Rathmann, P. (1995). Officer buckle and gloria. New York, NY: G.P. Putnam’s Sons.
Gloria the new police dog LOVES to show off fun tricks when Officer Buckle gives his safety presentations, almost as much as Officer Buckle likes presenting the safety tips themselves! When Officer Buckle finds out that the excitement about his presentations is due to Gloria, his spirits become dampened and he no longer wants to continue on with his job. In the end, true friendship prevails and Officer Buckle and Gloria turn out to be the most wanted duo around!
Grade level: K-3rd
Readers who would like this: Children who want to become police officers, children who like dogs, children who enjoy the theme of friendship.
Rating and Response: 5; I absolutely adore this book. The emotion and feeling conveyed through the illustration alone is enough to completely capture a reader’s heart! The relationship between Officer Buckle and Gloria also exemplifies some of the more complex notions of friendship, and I think the books “problem” is solved in a way that models a sort of realistic friendship issue. I also did my fourth book kit on this book, and there are an endless amount of activities and fun projects to do that can be very useful to the classroom! Overall, I totally loved it!
Question: Have you ever gotten into an argument with a friend? How were you and the friend able to solve the problem?
This book was received The Caldecott Medal in 1985.
Bibliographic: Allsburg, C. (1985). The Polar Express. Boston: Houghton Mifflin Co..
Short Annotation: This is a story of a boy, who goes on a magical train ride to the North Pole on Christmas Eve.
The Genre: Fiction, Picture book
Readers who will like this book: Readers of all ages will enjoy reading this book.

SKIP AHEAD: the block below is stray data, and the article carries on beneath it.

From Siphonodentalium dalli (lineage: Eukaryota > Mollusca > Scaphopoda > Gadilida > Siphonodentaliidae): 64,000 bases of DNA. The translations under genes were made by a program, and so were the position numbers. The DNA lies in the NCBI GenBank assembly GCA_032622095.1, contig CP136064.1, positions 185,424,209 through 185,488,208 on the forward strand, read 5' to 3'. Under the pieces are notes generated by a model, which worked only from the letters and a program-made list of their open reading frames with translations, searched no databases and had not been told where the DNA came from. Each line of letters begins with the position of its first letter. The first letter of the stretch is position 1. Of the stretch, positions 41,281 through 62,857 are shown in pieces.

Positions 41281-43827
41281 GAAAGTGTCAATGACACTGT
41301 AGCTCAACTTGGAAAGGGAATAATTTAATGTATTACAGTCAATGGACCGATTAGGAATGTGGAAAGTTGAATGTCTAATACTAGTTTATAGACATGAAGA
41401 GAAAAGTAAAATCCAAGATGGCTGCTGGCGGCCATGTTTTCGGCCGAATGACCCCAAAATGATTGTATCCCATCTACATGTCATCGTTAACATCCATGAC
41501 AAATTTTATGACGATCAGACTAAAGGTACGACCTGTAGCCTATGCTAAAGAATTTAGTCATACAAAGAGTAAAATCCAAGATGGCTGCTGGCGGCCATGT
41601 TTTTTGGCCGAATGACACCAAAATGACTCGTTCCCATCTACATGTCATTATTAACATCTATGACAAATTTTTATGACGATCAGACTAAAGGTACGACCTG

Personal response and rating: I would give this book a 5; I loved how this story was heart warming and shows children and adults that you can never be to old to believe in Santa Claus. I also fell in love with the illustrations.
Question: Where would you go, if you had a magical train that could take you anywhere you wished to go?
Title: Mirette on the High Wire
Bibliography: McCully, Emily. (1993). Mirette on the High Wire. New York: Puffin.
Short Annotation: A young girl named Mirette living in France becomes fascinated by a man named Bellini, who can walk clotheslines!
Grade Level: K-3
Readers who will like this book: Children who are adventurous
Personal response and rating: I LOVED this book. I thought it was very unique and had lovely illustrations. Rating: 5
Question: Does anyone like to be adventurous? What kind of things do you do that are adventurous?
Title: Blueberries for Sal
Bibliographic Information: McCloskey. R. (1948). Bluberries for sal. New York: Puffin Books.
Annotation: Before the winter, Sal’s family cans pails of berries. One day, Little Sal joins her mother to go help pick berries on Blueberry Hill. On Blueberry Hill they run into Little Bear and his Mom. They end up getting separated, but eventually make it home safely.
Genre: Fiction Picturebook
Grade level: 1st – 4th Grade
Readers who will like this book: Readers who like reading adventurous stories will enjoy this book.